States may, but are not required to, adopt the federal definition of primary care. Most state programs follow the federal model of defining primary care as: family or general practice, general internal medicine, obstetrics/gynecology, general pediatrics, and psychiatry. However, other states, while ostensibly limiting their waiver programs to primary care practitioners, either expand or contract their definition of primary care.
It has, though, been the experience of the authors that even in states maintaining stipulated definitions of primary care disciplines, it is sometimes possible to obtain waivers for medical specialists who provide primary encounter services, particularly in a medical area of pronounced medical concern (i.e., infectious diseases/AIDS treatment or respiratory diseases in inner city communities), or who split their practices between primary and specialty care medicine. (Note: Most specialty care physicians are American Board-eligible in a primary care discipline.)
Federal agencies and states are similar in that both have latitude in developing policies regarding IMGs who have trained in a nonprimary care specialty. The definition of specialty medical disciplines varies as a consequence of the latitude in defining primary care. Also, some specialty practice areas, such as nephrology, cardiology, oncology, hematology, and neurology, require a physician to have first completed a residency program in primary care/internal medicine, whereas other medical disciplines (e.g., anesthesiology and surgery) do not require training in primary care medicine.
The states have the latitude to define their eligibility standards for physicians who have completed specialty medical training. Whereas some states will favorably adjudicate waiver applications for specialty- trained physicians who are being employed in primary care positions, other states hold that completion of specialty training disqualifies a physician from waiver consideration. The apparent rationale behind a prohibition on specialty training is that such training indicates either a lack of commitment to the practice of primary care or an unacceptably high temptation to violate the state’s waiver policies by practicing specialty care medicine, which is normally more remunerative than primary care practice.
Federal agencies do not allow noncompete clauses that prevent physicians from competing with the petitioning facility upon completion of the three-year commitment. The rationale for the prohibition is to promote the permanent relocation of the physician in the underserved area. Although states are not required to prohibit such clauses, several states have incorporated such non-compete clauses into their waiver programs. Other states have developed certain special contractual requirements and provisions as part of their waiver programs. For example, certain states require contractual terms of employment in excess of three years or impose liquidated damages provisions, normally of $250,000.Specialty Practice In contrast to federal IGAs, the states have the flexibility to recommend waivers to medical specialists. However, many states have chosen to limit their waiver programs solely to primary care physicians, while others place special restrictions or grant less favorable consideration to waiver applications for specialists. For example, some states will consider specialists only if the petitioning facility and patient population can document a special, critical need for the IMG’s specialty and unsuccessful recruitment for a U.S. physician. States may establish the standard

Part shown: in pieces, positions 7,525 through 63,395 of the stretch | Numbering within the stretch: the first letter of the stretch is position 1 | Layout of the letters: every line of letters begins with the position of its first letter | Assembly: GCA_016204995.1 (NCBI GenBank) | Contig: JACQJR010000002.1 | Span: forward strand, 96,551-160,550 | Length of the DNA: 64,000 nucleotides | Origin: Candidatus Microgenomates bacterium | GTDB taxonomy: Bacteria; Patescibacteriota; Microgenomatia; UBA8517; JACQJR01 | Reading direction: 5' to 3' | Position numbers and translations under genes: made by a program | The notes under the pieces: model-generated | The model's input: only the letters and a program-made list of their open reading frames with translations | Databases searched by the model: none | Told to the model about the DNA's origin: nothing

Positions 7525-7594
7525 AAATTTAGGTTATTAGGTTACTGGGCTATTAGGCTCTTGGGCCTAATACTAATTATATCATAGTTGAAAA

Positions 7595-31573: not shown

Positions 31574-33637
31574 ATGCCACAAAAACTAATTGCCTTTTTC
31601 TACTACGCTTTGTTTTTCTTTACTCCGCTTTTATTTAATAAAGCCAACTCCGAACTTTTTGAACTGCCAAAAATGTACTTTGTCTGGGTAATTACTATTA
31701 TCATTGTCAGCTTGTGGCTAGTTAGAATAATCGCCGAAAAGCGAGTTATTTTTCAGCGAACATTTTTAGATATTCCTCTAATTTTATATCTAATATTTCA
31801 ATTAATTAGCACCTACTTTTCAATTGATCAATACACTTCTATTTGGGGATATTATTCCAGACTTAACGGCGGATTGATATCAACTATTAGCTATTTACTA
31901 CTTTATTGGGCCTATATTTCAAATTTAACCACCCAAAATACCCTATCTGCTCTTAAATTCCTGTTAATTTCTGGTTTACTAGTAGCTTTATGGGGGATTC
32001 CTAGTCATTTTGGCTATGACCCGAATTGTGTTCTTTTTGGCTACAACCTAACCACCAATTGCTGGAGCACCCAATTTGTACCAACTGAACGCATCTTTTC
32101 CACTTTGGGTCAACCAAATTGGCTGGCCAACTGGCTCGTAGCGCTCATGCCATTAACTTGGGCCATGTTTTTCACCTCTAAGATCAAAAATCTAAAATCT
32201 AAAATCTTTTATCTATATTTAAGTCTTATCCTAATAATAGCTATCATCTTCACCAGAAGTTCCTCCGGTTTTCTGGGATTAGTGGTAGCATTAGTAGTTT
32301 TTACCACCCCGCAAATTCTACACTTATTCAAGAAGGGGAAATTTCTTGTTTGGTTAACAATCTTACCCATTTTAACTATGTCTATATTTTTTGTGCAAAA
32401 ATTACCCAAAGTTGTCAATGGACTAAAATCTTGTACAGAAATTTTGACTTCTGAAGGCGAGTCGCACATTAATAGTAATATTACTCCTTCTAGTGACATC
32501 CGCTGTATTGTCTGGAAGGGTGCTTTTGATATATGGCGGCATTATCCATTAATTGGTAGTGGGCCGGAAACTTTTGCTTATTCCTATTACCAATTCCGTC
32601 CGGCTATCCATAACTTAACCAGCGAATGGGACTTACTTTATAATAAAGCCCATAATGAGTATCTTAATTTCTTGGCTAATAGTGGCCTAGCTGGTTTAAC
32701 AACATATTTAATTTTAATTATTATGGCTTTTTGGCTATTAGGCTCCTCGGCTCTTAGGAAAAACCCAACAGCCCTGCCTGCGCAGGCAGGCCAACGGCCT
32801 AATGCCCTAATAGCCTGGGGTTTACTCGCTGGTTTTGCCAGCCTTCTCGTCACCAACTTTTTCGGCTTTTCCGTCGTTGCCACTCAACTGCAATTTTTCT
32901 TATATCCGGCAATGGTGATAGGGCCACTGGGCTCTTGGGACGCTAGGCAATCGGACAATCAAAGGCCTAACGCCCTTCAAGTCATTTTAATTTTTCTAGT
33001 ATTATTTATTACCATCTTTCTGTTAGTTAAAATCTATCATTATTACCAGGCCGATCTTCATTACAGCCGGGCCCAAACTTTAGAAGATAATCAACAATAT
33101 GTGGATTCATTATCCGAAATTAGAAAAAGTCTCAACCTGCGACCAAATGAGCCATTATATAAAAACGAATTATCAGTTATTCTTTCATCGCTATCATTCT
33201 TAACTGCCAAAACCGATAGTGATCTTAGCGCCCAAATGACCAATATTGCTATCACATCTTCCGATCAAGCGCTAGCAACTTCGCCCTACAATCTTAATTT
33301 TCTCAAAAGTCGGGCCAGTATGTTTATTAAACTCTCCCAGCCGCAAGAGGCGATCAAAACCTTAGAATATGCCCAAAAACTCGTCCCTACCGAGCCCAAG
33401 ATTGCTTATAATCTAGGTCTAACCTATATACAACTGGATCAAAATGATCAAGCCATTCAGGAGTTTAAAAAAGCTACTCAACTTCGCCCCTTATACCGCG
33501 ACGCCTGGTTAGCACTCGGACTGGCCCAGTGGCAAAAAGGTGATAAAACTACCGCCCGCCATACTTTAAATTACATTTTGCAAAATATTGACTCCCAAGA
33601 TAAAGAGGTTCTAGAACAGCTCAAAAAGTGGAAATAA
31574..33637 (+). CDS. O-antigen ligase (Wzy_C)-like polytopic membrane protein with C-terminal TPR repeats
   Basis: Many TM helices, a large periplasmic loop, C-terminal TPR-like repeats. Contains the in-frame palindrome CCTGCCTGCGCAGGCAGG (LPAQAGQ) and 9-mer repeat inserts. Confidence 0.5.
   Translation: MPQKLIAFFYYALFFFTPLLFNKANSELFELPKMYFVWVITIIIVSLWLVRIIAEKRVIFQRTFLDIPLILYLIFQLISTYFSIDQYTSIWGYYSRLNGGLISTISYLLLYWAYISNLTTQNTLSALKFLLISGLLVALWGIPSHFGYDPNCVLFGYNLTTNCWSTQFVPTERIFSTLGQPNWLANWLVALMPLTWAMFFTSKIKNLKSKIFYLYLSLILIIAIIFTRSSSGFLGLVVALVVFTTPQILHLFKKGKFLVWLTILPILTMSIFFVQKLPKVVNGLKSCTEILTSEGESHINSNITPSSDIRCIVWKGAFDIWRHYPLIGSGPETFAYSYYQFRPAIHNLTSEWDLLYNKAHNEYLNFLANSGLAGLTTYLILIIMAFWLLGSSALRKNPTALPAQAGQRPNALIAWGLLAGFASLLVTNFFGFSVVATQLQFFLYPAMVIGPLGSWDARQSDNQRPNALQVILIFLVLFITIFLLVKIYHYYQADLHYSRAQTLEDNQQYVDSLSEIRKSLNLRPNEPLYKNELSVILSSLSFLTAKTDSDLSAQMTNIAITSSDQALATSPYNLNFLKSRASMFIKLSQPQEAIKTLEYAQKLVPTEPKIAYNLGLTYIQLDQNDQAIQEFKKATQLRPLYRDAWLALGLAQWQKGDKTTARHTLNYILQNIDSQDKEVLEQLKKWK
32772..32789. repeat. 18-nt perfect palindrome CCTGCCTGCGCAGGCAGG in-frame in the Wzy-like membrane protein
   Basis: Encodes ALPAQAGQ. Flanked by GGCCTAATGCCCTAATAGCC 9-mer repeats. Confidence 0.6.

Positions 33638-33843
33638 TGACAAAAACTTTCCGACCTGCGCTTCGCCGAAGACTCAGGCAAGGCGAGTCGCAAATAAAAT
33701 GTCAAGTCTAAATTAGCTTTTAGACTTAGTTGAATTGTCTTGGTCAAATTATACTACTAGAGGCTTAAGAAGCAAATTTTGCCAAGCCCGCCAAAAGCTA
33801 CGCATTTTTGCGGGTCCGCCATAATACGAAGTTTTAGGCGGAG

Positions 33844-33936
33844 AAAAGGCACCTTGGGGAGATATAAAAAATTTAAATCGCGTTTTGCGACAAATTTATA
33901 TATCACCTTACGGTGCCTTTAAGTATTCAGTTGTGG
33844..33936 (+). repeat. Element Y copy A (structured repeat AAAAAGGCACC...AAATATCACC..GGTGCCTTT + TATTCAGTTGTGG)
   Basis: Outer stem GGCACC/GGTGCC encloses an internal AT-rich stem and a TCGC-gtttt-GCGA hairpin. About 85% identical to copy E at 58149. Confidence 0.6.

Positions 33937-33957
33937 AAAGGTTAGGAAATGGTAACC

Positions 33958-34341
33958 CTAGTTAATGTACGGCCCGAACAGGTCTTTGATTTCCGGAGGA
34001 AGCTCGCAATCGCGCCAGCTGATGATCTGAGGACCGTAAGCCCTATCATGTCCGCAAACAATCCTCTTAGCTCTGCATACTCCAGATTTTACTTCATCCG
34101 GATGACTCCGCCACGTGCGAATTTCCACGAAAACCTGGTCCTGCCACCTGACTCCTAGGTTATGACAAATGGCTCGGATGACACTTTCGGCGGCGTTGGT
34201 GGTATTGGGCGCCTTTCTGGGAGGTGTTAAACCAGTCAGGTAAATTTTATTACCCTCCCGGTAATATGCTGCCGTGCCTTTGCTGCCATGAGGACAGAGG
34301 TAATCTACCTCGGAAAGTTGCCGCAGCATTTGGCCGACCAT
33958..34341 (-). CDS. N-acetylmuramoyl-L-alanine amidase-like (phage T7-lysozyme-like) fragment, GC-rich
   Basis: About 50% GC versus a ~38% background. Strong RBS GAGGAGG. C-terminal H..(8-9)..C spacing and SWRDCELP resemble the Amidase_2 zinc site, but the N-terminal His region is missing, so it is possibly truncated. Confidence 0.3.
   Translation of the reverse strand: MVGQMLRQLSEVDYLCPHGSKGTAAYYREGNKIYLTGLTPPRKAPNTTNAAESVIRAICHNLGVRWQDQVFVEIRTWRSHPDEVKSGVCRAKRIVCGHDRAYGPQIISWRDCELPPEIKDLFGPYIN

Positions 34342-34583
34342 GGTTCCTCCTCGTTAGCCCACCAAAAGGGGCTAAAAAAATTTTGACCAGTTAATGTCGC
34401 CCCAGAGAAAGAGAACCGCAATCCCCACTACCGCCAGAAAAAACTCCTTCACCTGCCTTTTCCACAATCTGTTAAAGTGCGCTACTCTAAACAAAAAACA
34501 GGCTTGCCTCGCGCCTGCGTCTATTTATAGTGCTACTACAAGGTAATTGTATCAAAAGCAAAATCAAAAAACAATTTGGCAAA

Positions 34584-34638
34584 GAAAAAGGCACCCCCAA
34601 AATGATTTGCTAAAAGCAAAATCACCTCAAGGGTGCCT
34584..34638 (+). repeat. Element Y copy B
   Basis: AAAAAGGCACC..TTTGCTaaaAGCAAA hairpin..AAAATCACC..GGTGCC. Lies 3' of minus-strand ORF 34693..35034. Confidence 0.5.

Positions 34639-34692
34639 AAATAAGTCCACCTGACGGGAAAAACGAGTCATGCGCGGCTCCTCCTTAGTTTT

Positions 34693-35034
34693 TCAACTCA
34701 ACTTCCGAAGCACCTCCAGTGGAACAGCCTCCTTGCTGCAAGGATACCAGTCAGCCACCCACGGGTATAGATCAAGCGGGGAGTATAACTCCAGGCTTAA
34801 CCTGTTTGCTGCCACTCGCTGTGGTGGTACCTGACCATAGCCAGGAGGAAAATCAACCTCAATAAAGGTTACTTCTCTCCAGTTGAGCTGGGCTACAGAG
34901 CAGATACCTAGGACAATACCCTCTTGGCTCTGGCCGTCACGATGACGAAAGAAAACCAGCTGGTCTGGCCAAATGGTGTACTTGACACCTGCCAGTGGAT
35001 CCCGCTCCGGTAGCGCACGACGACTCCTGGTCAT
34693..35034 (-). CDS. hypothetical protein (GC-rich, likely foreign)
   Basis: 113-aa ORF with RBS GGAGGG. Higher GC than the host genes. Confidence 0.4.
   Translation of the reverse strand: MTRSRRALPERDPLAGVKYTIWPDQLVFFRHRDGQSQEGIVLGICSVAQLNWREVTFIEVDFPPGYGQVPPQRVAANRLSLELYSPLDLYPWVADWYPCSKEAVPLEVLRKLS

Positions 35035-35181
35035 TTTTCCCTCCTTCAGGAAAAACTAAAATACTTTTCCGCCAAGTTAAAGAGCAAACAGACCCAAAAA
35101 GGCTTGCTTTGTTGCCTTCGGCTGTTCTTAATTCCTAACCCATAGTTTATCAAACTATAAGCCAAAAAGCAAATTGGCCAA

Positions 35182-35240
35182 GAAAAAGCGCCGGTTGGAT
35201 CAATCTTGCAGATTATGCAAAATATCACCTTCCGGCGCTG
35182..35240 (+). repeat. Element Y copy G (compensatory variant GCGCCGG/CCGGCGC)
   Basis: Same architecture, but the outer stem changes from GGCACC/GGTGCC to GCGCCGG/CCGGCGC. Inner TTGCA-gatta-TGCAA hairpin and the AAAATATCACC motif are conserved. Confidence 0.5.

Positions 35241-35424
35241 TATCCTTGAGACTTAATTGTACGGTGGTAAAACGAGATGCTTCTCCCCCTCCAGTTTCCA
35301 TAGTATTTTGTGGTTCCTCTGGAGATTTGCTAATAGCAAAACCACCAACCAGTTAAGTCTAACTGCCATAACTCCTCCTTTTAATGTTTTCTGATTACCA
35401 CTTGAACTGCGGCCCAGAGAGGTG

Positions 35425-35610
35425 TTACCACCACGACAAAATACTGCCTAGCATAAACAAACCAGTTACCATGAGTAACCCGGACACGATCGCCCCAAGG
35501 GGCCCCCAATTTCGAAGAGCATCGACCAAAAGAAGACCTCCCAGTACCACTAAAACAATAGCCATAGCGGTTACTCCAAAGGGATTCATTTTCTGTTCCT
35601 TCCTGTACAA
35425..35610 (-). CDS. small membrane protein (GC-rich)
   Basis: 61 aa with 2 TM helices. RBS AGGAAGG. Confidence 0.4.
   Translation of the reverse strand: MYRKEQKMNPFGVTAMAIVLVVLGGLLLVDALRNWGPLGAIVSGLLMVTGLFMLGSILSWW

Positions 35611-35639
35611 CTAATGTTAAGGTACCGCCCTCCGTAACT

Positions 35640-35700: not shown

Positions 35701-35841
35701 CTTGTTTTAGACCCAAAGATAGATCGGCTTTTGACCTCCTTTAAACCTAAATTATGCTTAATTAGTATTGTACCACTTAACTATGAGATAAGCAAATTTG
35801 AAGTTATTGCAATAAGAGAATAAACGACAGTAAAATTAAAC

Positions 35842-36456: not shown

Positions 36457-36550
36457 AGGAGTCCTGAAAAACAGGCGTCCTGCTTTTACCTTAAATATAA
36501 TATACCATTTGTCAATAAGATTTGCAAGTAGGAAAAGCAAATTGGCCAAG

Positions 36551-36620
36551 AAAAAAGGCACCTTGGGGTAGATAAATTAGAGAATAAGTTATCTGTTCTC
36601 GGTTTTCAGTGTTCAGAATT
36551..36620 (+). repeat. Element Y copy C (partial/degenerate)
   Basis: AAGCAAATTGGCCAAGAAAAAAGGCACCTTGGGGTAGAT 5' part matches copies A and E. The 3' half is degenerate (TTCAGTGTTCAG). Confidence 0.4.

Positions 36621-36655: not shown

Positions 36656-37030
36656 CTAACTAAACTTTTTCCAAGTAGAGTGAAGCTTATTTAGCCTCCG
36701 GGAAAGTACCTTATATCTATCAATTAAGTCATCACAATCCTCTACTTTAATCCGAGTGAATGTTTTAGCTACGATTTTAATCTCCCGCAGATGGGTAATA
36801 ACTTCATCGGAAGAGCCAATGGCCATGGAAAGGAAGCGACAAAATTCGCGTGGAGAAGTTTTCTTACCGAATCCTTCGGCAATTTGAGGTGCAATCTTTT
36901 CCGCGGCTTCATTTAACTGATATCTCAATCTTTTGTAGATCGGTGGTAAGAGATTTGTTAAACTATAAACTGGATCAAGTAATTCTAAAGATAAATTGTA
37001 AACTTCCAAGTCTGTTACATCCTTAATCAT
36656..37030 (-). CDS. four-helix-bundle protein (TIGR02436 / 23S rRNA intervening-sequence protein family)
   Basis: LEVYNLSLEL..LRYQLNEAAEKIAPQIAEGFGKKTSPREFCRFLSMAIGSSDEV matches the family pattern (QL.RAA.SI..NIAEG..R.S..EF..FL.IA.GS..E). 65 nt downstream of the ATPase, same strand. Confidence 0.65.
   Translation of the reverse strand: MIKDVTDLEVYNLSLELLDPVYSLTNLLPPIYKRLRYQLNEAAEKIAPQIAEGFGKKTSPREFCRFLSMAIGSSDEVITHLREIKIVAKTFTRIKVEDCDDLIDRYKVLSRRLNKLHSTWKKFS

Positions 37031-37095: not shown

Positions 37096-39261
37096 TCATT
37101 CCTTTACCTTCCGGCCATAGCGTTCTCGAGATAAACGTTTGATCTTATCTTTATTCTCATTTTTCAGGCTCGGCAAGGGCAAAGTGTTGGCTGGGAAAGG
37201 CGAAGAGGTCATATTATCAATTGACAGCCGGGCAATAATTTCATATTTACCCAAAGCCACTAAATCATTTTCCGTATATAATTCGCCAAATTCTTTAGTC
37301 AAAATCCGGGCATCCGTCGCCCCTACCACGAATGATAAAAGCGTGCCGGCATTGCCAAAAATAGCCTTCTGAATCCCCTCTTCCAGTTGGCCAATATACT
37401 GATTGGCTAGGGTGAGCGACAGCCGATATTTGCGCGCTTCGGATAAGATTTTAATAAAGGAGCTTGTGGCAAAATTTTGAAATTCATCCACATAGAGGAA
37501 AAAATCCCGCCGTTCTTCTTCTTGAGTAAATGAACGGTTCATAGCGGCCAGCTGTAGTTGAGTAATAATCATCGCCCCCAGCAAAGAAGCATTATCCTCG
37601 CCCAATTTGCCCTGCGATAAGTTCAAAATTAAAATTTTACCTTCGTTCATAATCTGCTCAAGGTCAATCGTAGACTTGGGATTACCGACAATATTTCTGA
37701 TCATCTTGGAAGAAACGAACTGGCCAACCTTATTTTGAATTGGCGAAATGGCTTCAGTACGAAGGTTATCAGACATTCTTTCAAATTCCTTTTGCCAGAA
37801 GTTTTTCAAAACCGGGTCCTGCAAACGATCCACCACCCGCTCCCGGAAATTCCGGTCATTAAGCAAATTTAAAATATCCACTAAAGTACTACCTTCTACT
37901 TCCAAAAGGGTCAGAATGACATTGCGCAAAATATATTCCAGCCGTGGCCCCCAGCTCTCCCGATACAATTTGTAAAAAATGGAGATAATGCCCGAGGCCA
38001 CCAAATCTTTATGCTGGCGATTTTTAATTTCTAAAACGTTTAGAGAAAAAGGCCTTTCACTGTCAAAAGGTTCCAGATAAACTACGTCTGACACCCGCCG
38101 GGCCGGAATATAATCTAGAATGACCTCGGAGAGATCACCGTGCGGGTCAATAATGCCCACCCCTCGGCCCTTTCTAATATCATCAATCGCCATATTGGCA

by which they will consider specialty practice such as “unusual need” or “extraordinary circumstances.” Some states have the additional contingency that they will consider specialists only if the allotment of 30 waivers is not exhausted. Medically Underserved and Population Designations There is a general tendency to regard MUA designation as a less precise and less compelling measure of medical underservice, and as a result, some states do not approve waiver applications for facilities located in MUAs. The MUA listings are also less frequently updated, which further erodes its credibility as a measure of underservice. While the majority of states accept waiver applications from facilities located in either HPSAs or MUAs, a substantial minority limit their waiver programs solely to facilities physically located in HPSAs. Recruitment Requirements Federal agencies must require evidence of recruitment for U.S. physicians. States are not subject to this requirement, although the vast majority of states require evidence of some kind of recruitment. Acceptable evidence of recruitment efforts may include dated copies of advertisements in medical journals and letters to state medical schools. Specifically, most states require evidence of recruitment during the six-month period before filing of a waiver application. However, some states stipulate required periods of recruitment which can run anywhere from three months to a year. Also, directly related to the recruitment requirement, various states require (or at last favorably recognize) retention plans indicating both short and long-range plans for retaining the IMG upon completion of the minimum three-year commitment. As a general observation, retention plans are particularly important for waiver requests filed for specialty care physicians given the general bias of most state waiver programs toward primary care. Additional Variations in State Programs There are a number of other areas in which the states have the latitude to develop their own waiver policies or procedures, including:
Pre-application procedures and required site investigations prior to filing the waiver application.